This is Victor McLaughlin’s tattoo of “Sapho” — a pretty good joke, really.

 

 

 

J’Accuse! – World War I in the trenches & at home


j-accuse crosses
J’Accuse, directed by Abel Gance, is a long, intense, & strange exploration of World War I filmed during the time the war was happening. Released in 1919, the film by the early French auteur is a raging look at war and love that uses a romantic story to link the menage a trois relationship between its three central characters with the horrors of the front. One woman (not a very interesting one), a husband (very intriguing brute), and a lover (moony poet) are pulled into an ever-more-horrible situation as war makes victims of all of them. While the story might seem hackneyed and even befuddling today, I had no problem with the melodrama and found myself becoming involved in the ways that their threesome played out.jaccuse couple The long film brings the two men together on the battlefield and continually plays with the questions of who is strong and who is weak; who is ultimately kinder; who is most willing to sacrifice (and what). Back at home, the woman makes sacrifices of her own that impact the course of the story in even more complex ways. This is the plot that ties the strands together. The plot is not important. What matters are the scenes of war and the story of war’s impact; makes them matter is the way J’Accuse is filmed.

Watching J’Accuse is like falling into some slow and deliberate dream (not a nightmare, really). This makes its subjects of domestic violence, trench warfare, multiple betrayals, and pointless sacrifice all the more disturbing. We’re used to seeing random violence in contemporary films to the point that it’s barely noticeable. To see moments of brutality in a silent film that is beautifully composed is  jarring. That they slip in almost unannounced is even stranger. That everyone serves as a symbol, as a representative type, implies vast levels of darkness.

jaccuse face

An example of a quick moment of brutality comes early in the movie, before we even get to the war. This is when the husband, also known as the Brute, maritally rapes his wife. We don’t see the rape. What we see is her quaking by the bed, his hand coming down on her hair and pulling her up, and, for a moment, a glimpse of an exposed breast. That’s all. But I’ll never forget that image. This is only one of such moments in this film. Over and over, Gance juxtaposes beauty with evil and/or death, sometimes quite literally, as in a montage in which a closeup of a flower is contrasted with corpses in a trench.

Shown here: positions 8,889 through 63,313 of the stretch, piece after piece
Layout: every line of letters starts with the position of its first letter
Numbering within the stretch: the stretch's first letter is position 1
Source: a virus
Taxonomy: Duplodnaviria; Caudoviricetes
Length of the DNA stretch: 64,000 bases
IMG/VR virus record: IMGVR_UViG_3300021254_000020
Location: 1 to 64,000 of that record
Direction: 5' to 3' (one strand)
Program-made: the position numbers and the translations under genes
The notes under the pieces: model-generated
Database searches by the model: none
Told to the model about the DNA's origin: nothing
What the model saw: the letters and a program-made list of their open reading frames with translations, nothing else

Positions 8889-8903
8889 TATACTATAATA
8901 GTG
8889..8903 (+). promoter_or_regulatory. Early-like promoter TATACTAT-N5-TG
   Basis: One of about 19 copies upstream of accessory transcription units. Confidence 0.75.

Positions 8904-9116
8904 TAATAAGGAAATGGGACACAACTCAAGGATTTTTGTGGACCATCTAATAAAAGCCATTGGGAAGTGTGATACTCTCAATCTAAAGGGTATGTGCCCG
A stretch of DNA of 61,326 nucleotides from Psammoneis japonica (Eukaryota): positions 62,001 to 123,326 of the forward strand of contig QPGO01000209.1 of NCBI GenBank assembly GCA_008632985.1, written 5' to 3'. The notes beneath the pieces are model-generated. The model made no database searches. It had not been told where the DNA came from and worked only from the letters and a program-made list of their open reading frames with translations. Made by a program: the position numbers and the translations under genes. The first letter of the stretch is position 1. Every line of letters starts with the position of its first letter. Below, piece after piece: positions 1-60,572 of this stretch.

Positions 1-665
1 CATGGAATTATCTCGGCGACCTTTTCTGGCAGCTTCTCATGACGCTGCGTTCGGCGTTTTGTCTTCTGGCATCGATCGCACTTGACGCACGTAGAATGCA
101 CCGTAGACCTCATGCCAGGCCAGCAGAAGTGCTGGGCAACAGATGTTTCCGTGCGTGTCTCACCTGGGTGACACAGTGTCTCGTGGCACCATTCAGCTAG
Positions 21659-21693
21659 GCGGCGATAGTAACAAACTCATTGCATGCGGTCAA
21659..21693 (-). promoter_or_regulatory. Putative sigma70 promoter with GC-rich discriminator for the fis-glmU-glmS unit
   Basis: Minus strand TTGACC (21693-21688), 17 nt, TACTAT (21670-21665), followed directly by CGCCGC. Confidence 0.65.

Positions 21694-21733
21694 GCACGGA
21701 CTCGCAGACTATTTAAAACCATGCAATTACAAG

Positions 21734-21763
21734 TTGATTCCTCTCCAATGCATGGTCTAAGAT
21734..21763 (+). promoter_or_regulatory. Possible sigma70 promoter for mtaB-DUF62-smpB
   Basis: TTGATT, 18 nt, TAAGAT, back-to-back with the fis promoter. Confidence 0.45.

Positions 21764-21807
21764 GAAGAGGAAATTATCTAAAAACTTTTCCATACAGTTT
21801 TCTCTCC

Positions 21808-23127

jaccuse frontAbel Gance briefly served in World War I before being discharged because of his health. He created J’Accuse because of the deaths of so many people he knew and because of all that he witnessed on the battlefield. Filming took place between August 1918 and February 1919 (armistice was declared in November 1918), and some of it took place at the front. He enlisted in the Section Cinématographique and filmed the battle of Saint-Mihiel; this footage appears near the end of the film.  The depiction of trench warfare, however, goes through half the film; recreated fictional footage is juxtaposed with actual images from the front. jaccuse dead march 1 J’Accuse builds slowly to a shocking death march that used two thousand actual soldiers. Surely they knew their fate, and of course we do; this makes this already eerie, disturbing scene particularly unforgettable. Gance said in an interview with Kevin Brownlow, “The conditions in which we filmed were profoundly moving… These men had come straight from the Front – from Verdun – and they were due back eight days later. They played the dead knowing that in all probability they’d be dead themselves before long. Within a few weeks of their return, eighty per cent had been killed.”Jaccuse march